Britain and Human Rights Defenders Coalition (HRDC) have cautioned Malawi Government to follow the law in replacing Financial Intelligence Authority (FIA) director general Atuweni Juwayeyi Agbermodji whose contract expired.
Despite the government’s decision not to extend her contract, British High Commissioner Holly Tett in an interview described Agbermodji as “a dedicated and hardworking woman who made FIA effective”.
She said: “The UK has been impressed by the quality of leadership demonstrated by her. Under her leadership, good progress has been made in reducing Malawi’s financial crimes risk.”
Tett said the UK is looking forward to working with a new director general, but asked Malawi Government to be transparent in selecting the new FIA chief as stated by the law.
FIA took a leading role in investigations into the police food rations deal involving a firm owned by a businessperson of Asian origin who later deposited K145 million into a Democratic Progressive Party bank account whose sole signatory was President Peter Mutharika.
On his part, HRDC vice-chairperson Gift Trapence accused government of lacking commitment to fight corruption by deciding not to renew Agbermodji’s contract.
He said: “They [government] don’t want officers who are ethical and professional. That is why they are firing the director general to appoint their own cronies.”
But in a separate interview, Minister of Information, Civic Education and Communications Technology Mark Botomani, who is also the official government spokesperson, dismissed Trapence’s assertions, saying “by January 1 FIA will have a new competent director general”.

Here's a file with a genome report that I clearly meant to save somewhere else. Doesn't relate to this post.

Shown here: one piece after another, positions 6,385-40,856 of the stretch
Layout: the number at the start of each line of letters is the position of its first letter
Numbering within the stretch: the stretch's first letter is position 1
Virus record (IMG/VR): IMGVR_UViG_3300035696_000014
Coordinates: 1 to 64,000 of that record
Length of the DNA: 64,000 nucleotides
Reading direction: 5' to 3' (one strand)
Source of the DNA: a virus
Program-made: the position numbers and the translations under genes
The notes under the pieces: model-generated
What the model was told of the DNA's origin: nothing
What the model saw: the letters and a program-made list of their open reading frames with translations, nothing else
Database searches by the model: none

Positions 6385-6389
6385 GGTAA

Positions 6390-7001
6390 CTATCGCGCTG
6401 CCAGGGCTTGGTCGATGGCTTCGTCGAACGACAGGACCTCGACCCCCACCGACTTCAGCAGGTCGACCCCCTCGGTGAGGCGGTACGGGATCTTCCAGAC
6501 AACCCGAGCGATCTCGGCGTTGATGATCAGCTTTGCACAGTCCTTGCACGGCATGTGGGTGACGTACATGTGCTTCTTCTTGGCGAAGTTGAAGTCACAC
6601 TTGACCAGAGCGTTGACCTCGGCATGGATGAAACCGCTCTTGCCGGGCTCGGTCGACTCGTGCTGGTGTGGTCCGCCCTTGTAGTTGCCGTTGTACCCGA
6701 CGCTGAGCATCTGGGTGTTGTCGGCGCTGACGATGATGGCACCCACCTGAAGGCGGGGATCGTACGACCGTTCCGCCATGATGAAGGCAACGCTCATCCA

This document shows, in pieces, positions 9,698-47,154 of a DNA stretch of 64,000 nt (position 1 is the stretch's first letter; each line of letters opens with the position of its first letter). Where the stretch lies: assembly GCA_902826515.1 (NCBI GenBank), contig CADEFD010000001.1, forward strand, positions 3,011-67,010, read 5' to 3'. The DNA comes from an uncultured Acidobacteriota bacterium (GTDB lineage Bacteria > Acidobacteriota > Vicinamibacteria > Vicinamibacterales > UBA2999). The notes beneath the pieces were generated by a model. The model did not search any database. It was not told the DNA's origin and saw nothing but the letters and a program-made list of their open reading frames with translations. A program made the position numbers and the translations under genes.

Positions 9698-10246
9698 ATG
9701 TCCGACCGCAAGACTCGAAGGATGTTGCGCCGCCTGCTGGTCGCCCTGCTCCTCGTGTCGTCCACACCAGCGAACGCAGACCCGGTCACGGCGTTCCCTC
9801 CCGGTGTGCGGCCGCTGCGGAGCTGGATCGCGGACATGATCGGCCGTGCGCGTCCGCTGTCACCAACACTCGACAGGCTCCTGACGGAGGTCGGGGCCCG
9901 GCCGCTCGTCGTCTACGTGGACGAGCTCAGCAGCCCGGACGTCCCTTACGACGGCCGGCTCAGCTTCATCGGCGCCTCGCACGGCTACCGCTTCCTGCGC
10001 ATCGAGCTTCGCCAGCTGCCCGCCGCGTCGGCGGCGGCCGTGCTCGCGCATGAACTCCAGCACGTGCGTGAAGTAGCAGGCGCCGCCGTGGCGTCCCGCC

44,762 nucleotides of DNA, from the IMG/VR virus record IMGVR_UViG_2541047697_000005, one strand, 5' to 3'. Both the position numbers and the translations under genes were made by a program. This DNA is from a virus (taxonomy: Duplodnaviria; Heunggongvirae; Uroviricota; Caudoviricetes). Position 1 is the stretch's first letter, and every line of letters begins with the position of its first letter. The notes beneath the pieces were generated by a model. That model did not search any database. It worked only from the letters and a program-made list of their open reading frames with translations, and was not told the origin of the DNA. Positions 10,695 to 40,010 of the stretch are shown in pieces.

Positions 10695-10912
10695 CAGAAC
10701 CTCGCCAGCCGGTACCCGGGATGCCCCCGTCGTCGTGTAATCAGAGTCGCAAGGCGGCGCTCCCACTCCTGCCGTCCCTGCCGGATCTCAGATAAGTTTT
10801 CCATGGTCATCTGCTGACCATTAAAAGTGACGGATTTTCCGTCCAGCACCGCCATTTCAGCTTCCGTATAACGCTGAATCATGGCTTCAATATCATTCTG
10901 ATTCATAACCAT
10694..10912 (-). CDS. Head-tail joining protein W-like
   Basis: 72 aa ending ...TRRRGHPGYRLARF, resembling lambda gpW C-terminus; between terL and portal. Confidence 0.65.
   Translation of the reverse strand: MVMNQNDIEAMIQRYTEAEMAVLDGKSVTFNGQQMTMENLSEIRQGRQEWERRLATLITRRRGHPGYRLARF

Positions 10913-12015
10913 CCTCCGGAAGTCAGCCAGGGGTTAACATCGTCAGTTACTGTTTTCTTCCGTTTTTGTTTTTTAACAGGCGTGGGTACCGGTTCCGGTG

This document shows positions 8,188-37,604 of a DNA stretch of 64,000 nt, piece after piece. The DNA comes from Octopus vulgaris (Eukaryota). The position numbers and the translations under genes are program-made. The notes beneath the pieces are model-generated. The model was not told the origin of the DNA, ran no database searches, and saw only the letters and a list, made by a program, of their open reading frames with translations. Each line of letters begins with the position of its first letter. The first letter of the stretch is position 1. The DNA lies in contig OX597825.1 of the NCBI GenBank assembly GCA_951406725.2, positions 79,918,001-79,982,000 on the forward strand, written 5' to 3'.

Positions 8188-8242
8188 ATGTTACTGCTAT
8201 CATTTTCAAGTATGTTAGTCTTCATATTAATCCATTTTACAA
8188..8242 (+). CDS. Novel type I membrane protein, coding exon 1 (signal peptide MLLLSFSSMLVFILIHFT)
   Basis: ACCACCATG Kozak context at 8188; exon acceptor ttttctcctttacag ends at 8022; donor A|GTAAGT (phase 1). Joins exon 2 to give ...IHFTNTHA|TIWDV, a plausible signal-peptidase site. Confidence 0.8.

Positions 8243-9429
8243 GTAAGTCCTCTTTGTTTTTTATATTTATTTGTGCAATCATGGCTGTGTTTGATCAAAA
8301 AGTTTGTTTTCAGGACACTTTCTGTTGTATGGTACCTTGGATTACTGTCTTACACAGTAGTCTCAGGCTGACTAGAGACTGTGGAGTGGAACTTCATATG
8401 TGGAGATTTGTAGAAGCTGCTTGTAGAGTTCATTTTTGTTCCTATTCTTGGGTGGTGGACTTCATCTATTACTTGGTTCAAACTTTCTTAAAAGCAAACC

The FIA director general is appointed by the President following a competitive interviewing and recruitment process, but is subject to confirmation by the Public Appointments Committee (PAC) of Parliament.
To appoint the director general, the law requires that the post be advertised and allow a minimum of 14 days, more likely 21 to 28 days, for applications to be submitted.
Shortlisted candidates have to have references taken up and due diligence checks done as per Section 7(3)) of the Financial Crimes Act. Thereafter, the minister submits at least two names or a maximum of three names for the President to choose from.
It is a long process; hence, Botomani’s assertion that “by January 1” the director-general could be in place may be a tall order.
FIA is a government agency set up by the Act of Parliament to monitor, investigate and fight money laundering, tracking illicit transactions with the mandate to freeze suspicious accounts in the country’s commercial banks.
Meanwhile, FIA director of monitoring and analysis Vincent Chipeta is acting as director general, but the institution’s operations are still paralysed because only the director or deputy director is responsible for signing orders used to freeze accounts of suspected to be keeping proceeds of crimes.